In the discussion thread: Lincoln - what if he had really negotiated with the South ? [View all]
Response to LVZ (Original post)
Mon Nov 12, 2012, 11:23 AM
csziggy (16,759 posts)
16. Southerners were intractable about wanting to secede
I have not read a lot about the general political climate but in reading local histories that cover the period 1840-1860 the South had factions advocating for secession for decades before the Civil War began. I don't think Lincoln could have overcome those strong forces.
In reading a history of plantations in North Florida (The Red Hills of Florida, 1528-1865 by Clifton Paisley), it was striking to me how adamant many were about dividing the country as early as 1846 in response to the Wilmot Proviso to prohibit slavery in new territories. "In Florida a bipartisan committee in the Whig county of Madison complained about an 'infamous war' that was being conducted by 'northern Whigs and northern Democrats' against 'southern institutions'." (from The Red Hills of Florida) A resolution introduced in the General Assembly in 1849 declared that "under no circumstance will the people of this state be willing to recognize as binding any enactment of the Federal Government which has for the object the prohibition of slavery in any territory south of the line of the Missouri Compromise." (ibid)
Henry Clay, who was instrumental in the Missouri Compromise, also promoted the Compromise of 1850 (http://en.wikipedia.org/wiki/Henry_Clay#The_Compromise_of_1850) which delayed secessionist movements but did not stop them.
Even the Quakers were split by the slavery issue. Again, this is from reading family history rather than general histories. My husband's ancestor was a Quaker who attended a yearly meeting in Indiana in 1842. Because of his descriptions of the turmoil in a letter home, and his mention of Henry Clay, and because that particular letter was undated I did some research into that meeting:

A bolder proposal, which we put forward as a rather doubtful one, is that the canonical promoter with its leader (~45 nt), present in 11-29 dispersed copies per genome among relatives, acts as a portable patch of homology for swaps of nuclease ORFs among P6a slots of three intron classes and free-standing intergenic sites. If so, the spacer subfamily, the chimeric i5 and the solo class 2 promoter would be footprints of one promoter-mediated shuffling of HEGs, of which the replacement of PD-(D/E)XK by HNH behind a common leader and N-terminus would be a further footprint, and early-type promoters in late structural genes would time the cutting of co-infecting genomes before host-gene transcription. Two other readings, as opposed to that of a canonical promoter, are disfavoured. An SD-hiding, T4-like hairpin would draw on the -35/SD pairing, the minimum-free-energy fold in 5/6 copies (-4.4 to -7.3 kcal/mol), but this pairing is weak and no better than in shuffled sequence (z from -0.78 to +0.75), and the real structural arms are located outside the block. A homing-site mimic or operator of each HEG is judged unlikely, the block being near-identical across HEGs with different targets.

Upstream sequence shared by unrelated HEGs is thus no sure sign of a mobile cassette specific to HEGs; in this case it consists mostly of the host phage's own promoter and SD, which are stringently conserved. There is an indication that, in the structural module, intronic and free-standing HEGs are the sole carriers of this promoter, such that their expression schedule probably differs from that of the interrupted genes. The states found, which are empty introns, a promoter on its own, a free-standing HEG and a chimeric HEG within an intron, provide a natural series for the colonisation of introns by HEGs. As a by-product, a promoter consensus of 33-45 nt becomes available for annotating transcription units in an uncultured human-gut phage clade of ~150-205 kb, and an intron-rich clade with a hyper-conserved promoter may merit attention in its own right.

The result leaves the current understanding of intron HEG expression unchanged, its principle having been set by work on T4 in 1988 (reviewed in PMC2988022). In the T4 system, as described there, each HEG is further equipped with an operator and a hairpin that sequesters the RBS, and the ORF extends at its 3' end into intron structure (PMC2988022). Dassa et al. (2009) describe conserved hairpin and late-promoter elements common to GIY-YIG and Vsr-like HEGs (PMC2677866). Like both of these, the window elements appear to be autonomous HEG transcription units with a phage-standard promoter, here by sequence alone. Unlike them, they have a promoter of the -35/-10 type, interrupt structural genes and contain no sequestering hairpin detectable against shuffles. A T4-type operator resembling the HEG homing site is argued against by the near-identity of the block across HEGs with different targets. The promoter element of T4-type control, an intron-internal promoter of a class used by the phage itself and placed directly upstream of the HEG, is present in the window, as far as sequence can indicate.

It was slavery and abolition that caused great tension and a split amongst the Friends of the 1840ís and 50ís. Quakers were well-established in Indiana politics by the 1840ís. They were officeholders and state legislators, usually members of the Whig party and solidly anti-slavery. Indianaís first anti-slavery newspaper, the "Protectionist", was published by a New England Quaker in a room over Levi Coffinís store in Newport. Another journal published in Newport was the "Free Labor Advocate". This was the journal of the Free Labor Movement which advocated discontinuing the use of, or purchase of, any goods or foodstuffs made or raised with the use of slave labor. This cause was championed by Abolitionist leader Levi Coffin and Free Labor stores where opened by several Quakers in the Whitewater Valley. Abolitionist Friends wrote for both of the journals to the great dismay of more moderate Hoosier Quakers. They also founded, and joined, abolitionist societies. This, most moderate and conservative Friends felt, was against the Quaker notion of appropriate quiet and retiring demeanor. Membership in Abolition Societies brought far too much notoriety to such members and disrupted the notion of unity, so valued by Friends. In 1842 Levi Coffin and other influential Friends were disciplined by the Yearly Meeting for their outspoken, and very public behavior, relating to slavery. The next day the Meeting welcomed slave owner Henry Clay as an honored guest. Outraged, the Anti-slavery friends retired to Newport and formed the Indiana Yearly Meeting of Anti-Slavery Friends. Levi Coffin, Charles Osborn and Henry Weeks were among the leaders of the Indiana Anti-Slavery Friends. The orthodox Friends were much grieved by the split. But, by 1857, these Friends had become, for the most part, abolitionists themselves. That year the Indiana Yearly Meeting of Anti-Slavery Friends dissolved and most members rejoined the Indiana Yearly Meeting. (Rudolph: 203-205; See Hamm: Chapter9A. Quakers and African Americans)
(My husband is also related to Charles Osborn, mentioned in this account.)
By the time Abraham Lincoln started his campaign to be President the country was already divided philosophically. IMO nothing he could have tried would have prevented the Southern states from seceding.
If even the Northern pacifistic Quakers split over this issue nearly two decades before Fort Sumter, how could Lincoln or any politician have been able to negotiate a settlement once the lines were so distinctly drawn?
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